7. Linguistic presuppositions are a very powerful grammatical structure. They are when you "hide" things inside of a sentence. Kind of like covertly slipping small ideas into people's brains. For example, consider this sentence: "Linguistic presuppositions are powerful." If I just said that on its own it would be easy to disagree with. You could say, "No they aren't." But I could take that same idea and hide it in a sentence. For example: One of the reasons linguistic presuppositions are so powerful is because they let you control other people's thinking without them knowing it. The above sentence works like a "sleight of hand." Where a magician does something on one side, where he wants your attention, but the REAL magic is being done where nobody is looking. In the above sentence, most people would focus on the part about controlling other people's thinking. If you read the above sentence, it would be difficult mentally to say: "Wait a minute, I disagree that linguistic presuppositions are powerful." This structure, of hiding ideas inside long winded sentences is what you see political pundits on TV do all the time. But the idea of something be PRESUPPOSED is very, very powerful. Because you can presuppose a lot, not only through words, but through actions. One of the most common "ideas" from TV shows involving lawyers and cops is the "one time offer." The district attorney is talking to the bad guy and offers him a deal. But then he says the magic words. That it's a one time offer. This evokes both scarcity and the fear of missing out (FOMO). Both are VERY POWERFUL when eliciting the desired actions from your targets. Sales people use it all the time, because it works. But there's a way to PRESUPPOSE this "one time offer" energy in your behaviors. Your subconscious non verbal communication. A way to build in the IDEA into your personality that YOU are a "one time offer." This is the polar opposite of "desperation energy." Desperation energy is like an offer that NEVER EXPIRES. Needless to say, if an offer NEVER expires, it won't be very compelling. Especially when it comes across as a very needy, "please accept me" type of energy. The opposite is very rare. Very attractive. Very valuable. Because it ALWAYS radiates that combination of scarcity and FOMO. And because it comes through your subconscious behavior, it's always implied. Presupposed. Which will not only make YOU insanely attractive, but it will make everybody else very motivated to ACT FAST. Learn More: http://mindpersuasion.com/walk-away/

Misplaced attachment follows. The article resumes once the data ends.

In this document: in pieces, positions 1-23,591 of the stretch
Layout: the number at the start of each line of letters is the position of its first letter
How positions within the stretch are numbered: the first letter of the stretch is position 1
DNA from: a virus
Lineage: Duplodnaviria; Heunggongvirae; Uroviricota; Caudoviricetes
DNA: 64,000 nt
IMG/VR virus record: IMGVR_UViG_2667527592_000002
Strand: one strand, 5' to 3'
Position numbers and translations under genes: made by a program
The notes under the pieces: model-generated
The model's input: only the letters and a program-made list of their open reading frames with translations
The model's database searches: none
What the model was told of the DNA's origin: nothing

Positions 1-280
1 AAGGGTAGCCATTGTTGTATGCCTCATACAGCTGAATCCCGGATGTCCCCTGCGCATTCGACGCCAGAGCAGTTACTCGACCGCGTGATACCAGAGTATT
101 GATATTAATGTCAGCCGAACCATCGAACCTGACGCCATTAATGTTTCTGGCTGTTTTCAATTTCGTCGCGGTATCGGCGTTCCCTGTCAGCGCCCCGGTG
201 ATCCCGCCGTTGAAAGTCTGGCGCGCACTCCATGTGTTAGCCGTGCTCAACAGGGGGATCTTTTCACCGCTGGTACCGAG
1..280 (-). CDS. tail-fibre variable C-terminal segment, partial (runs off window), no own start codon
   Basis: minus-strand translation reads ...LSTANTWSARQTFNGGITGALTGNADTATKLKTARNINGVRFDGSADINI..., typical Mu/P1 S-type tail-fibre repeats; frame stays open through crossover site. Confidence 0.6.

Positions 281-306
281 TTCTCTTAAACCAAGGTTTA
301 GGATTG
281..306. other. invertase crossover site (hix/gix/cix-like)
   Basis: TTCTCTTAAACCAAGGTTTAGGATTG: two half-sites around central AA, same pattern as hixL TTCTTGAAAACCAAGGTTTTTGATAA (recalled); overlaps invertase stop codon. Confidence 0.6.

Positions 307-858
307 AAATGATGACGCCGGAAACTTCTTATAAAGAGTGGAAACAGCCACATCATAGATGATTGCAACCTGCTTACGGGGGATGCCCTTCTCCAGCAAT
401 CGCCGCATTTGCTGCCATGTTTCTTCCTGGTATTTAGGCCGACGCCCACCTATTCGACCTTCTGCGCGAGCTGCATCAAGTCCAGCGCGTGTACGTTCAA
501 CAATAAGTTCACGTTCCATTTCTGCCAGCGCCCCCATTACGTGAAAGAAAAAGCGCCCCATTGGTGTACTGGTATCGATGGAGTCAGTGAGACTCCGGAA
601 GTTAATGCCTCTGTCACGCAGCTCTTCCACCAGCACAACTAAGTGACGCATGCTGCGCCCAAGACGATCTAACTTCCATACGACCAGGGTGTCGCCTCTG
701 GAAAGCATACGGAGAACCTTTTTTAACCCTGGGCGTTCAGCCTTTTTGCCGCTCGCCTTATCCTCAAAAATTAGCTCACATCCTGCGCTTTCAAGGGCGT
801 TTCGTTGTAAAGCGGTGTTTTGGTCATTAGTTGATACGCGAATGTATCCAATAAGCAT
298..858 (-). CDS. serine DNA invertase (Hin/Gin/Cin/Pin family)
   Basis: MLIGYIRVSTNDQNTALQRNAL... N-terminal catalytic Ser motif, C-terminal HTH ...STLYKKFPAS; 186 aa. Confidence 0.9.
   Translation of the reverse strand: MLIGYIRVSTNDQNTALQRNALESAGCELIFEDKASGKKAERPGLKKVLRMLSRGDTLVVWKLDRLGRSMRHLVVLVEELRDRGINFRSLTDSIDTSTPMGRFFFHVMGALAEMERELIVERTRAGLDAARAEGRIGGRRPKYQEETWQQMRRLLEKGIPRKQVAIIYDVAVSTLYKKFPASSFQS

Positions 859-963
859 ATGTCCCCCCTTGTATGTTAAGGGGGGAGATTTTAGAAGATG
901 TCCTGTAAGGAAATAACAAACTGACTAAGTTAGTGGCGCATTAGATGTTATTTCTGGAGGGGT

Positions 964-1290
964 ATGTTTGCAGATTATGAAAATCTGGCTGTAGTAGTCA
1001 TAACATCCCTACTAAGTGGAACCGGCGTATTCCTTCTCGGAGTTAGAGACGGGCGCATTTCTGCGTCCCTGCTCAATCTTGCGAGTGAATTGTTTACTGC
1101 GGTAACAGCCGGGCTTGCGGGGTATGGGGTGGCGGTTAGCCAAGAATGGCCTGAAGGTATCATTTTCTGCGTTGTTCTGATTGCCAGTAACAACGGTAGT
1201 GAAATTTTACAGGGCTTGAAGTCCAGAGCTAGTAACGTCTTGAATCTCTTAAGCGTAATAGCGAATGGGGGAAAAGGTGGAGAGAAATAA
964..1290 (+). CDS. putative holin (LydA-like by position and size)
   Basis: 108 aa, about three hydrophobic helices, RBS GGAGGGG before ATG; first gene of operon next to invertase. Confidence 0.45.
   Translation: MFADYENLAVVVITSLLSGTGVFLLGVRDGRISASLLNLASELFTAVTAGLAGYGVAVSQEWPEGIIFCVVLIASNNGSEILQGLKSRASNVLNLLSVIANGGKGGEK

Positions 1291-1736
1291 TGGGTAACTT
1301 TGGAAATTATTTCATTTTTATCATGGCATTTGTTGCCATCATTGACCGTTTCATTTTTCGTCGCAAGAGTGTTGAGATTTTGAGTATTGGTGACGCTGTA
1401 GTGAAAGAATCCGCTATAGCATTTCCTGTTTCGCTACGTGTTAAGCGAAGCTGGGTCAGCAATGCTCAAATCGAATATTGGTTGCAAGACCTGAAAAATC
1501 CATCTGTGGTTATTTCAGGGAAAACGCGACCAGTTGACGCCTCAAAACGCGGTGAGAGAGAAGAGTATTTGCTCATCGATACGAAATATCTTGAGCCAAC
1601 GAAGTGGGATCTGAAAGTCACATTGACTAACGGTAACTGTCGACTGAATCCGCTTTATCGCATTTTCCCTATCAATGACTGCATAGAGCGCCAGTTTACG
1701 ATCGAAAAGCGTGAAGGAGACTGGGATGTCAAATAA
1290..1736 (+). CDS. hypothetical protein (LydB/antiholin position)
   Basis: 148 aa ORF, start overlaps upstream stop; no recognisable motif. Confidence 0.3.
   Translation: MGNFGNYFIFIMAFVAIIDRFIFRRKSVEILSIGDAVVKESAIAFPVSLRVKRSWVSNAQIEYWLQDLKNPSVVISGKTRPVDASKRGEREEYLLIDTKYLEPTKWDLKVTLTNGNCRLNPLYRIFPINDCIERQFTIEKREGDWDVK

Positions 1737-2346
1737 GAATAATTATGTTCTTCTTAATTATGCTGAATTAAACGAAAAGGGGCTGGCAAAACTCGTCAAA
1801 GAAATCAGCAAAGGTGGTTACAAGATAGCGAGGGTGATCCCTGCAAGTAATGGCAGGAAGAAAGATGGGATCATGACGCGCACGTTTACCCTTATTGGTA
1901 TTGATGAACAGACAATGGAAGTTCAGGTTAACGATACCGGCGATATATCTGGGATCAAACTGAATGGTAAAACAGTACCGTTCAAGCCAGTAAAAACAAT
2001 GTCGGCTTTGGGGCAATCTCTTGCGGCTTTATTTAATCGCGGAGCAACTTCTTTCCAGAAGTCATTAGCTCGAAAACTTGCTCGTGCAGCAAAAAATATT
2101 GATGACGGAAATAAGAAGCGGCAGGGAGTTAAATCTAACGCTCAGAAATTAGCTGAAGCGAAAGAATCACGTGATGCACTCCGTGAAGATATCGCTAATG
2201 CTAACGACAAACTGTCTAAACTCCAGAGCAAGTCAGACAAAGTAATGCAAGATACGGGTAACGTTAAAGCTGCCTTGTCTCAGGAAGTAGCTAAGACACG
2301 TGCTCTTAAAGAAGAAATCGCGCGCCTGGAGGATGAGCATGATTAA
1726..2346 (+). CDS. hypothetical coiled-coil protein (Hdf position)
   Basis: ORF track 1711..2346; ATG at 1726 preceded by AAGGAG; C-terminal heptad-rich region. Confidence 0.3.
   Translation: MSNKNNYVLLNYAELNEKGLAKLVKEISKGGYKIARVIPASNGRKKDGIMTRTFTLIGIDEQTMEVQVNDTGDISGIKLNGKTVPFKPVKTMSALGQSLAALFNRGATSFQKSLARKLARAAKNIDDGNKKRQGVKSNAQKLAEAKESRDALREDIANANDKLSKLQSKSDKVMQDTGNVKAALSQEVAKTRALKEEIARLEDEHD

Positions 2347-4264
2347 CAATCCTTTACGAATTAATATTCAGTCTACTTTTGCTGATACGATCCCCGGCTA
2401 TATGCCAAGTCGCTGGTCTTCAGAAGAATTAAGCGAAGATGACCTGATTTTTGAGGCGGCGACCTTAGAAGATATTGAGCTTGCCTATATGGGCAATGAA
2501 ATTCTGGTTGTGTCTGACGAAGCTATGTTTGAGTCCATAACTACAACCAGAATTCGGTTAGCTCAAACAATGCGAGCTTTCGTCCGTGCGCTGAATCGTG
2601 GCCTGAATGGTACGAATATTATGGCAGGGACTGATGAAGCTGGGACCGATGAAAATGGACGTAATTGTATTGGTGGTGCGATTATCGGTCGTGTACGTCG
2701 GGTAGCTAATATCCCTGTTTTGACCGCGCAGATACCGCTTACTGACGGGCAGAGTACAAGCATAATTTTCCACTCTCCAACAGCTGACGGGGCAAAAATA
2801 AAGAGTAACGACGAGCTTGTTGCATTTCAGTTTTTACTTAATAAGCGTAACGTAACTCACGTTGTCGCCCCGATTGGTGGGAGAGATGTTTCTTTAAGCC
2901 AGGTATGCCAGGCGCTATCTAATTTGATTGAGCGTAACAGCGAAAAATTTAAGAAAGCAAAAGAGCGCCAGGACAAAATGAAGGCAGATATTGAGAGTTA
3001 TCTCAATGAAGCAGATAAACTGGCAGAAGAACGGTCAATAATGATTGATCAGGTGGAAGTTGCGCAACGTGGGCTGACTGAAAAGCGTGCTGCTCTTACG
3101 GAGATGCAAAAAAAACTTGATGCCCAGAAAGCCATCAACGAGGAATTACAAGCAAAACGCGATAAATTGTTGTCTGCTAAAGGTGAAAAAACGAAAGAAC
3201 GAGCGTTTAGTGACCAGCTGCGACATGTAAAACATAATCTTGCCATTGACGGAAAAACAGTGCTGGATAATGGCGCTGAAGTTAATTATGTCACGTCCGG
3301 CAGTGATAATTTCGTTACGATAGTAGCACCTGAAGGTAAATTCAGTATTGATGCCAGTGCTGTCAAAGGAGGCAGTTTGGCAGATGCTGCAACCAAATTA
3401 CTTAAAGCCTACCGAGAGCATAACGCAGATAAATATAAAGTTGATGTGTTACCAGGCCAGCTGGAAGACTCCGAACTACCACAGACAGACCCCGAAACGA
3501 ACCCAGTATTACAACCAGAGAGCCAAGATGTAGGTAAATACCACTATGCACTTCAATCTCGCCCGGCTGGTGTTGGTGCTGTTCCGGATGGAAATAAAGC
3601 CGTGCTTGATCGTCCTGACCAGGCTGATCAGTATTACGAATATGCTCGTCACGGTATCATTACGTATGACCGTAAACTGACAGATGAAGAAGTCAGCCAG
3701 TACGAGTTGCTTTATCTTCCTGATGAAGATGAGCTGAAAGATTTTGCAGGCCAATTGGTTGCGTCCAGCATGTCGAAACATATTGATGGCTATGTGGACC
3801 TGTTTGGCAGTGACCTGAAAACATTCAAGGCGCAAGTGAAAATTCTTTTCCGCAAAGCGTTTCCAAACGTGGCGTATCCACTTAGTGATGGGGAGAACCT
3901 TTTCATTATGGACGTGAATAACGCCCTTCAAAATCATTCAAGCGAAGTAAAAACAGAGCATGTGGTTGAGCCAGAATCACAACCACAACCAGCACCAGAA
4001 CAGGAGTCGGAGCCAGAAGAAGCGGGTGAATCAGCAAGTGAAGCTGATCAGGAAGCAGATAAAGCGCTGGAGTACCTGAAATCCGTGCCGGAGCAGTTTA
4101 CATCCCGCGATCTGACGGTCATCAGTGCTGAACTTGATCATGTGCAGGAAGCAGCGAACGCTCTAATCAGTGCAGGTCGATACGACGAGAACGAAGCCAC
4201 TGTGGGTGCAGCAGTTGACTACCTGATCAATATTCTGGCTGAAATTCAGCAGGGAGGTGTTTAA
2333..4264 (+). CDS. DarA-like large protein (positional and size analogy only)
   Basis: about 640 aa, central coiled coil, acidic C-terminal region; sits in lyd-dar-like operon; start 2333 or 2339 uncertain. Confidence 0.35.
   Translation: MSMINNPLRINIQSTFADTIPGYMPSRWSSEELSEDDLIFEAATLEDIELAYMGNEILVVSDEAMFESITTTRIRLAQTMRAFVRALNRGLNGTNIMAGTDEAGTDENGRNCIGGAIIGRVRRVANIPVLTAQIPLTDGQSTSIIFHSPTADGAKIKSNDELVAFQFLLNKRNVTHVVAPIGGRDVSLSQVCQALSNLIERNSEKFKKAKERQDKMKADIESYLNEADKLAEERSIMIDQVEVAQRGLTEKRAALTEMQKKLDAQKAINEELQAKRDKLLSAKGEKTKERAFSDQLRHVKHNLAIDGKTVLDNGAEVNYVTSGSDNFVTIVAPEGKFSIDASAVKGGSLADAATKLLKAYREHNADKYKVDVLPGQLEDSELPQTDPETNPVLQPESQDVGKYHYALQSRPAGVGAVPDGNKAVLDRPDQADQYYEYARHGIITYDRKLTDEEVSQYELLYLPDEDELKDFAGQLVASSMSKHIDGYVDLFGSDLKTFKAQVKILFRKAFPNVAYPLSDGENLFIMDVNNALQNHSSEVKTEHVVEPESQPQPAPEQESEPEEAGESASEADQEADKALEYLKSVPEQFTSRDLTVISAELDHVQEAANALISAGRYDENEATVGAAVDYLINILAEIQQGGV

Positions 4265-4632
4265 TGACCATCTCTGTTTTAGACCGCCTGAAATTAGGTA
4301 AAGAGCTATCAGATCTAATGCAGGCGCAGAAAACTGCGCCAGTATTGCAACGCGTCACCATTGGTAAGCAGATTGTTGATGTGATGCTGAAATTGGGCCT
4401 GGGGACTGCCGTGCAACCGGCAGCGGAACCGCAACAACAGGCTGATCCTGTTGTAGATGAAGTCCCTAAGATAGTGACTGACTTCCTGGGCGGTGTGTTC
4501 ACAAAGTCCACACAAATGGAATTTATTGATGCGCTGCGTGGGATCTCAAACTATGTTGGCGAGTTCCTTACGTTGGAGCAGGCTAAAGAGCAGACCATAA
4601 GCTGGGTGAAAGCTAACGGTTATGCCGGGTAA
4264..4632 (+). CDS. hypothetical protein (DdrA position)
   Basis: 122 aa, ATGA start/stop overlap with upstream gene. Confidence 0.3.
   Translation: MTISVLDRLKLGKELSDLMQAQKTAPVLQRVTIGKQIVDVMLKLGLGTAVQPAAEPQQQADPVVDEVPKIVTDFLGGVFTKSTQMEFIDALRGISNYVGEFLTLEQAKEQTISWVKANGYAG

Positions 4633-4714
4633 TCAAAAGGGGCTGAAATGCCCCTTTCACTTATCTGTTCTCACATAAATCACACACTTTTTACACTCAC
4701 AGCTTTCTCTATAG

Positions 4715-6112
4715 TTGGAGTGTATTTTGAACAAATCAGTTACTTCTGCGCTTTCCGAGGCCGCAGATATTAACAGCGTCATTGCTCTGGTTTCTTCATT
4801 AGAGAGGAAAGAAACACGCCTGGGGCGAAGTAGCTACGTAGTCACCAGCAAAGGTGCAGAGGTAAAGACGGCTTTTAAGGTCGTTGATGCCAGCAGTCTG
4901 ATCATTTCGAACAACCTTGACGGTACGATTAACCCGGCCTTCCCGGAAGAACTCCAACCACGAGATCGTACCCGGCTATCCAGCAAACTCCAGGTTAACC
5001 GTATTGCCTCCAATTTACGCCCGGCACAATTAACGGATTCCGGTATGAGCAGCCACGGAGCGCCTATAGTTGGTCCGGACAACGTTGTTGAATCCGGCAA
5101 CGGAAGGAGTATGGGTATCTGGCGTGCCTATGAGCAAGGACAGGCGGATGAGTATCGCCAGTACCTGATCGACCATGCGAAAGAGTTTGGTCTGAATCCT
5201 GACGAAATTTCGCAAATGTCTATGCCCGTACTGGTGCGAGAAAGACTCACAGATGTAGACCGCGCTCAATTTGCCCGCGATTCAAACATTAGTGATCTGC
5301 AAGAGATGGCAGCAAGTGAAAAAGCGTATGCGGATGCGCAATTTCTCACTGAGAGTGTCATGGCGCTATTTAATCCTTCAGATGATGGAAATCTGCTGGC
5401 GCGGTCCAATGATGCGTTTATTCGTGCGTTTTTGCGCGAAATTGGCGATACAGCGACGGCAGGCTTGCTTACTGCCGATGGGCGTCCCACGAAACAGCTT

8. When you were a kid your mom was worried about you hanging out with the wrong crowd. All moms are worried about their kids hanging out with the wrong crowd. Because we tend to pick up "bad habits" that way. A few decades of data show this to be true. The idea of nature vs. nurture is an old one. Take the idea that wealthy people have more books in their houses. Which of these come first? Does their desire to read books give them knowledge (from the books) and then they use that knowledge to make money? Is the desire to learn things the SAME knowledge that helps them make money? If you give a bunch of books to poor people, will they become rich? The trouble with questions like this is they are VERY HARD to test. Any kind of question about human behavior can only be guessed at. So what about nurture vs. nature? There IS plenty of data they can look at. And that is data from twins. Identical twins born together and raised in the same house. Identical twins raised apart. Adopted kids raised in the same house. Non identical twins raise together (same house) and separately. The data is pretty clear. There are TWO main things that create our ADULT behavior. Half is our genes, the other half our NON-FAMILY peer group. This is why mom was so worried about you hanging with the wrong crowd. Because we DO tend to pick up habits from our friends. If we have "good" friends, we pick up good habits. If we have "bad" friends we pick up bad habits. The REAL QUESTION is HOW, exactly, do we pick up those bad habits? We model. We subconsciously copy the behavior from people we admire. If that means doing homework and getting good grades, that's good. If that means smoking and robbing liquor stores, that's bad. But this is only ONE WAY we "pick up" behavior. There are many ways to "pick up" behavior. Sometimes we are "trained" by our environment. This is essentially how we pick up habits from friends. They (our friends) are our environment. Our environment which TRAINS us. Or we can TRAIN ourselves. This is when practice things like sports, music and multiplication tables. Or we can TRAIN others. Most people try to do this, but not successfully. The trick to training others is to be as COVERT and as SUBCONSCIOUS as you can. Meaning the more they DON'T KNOW they are being trained, the easier it is to train them. Learn How: http://mindpersuasion.com/people-training/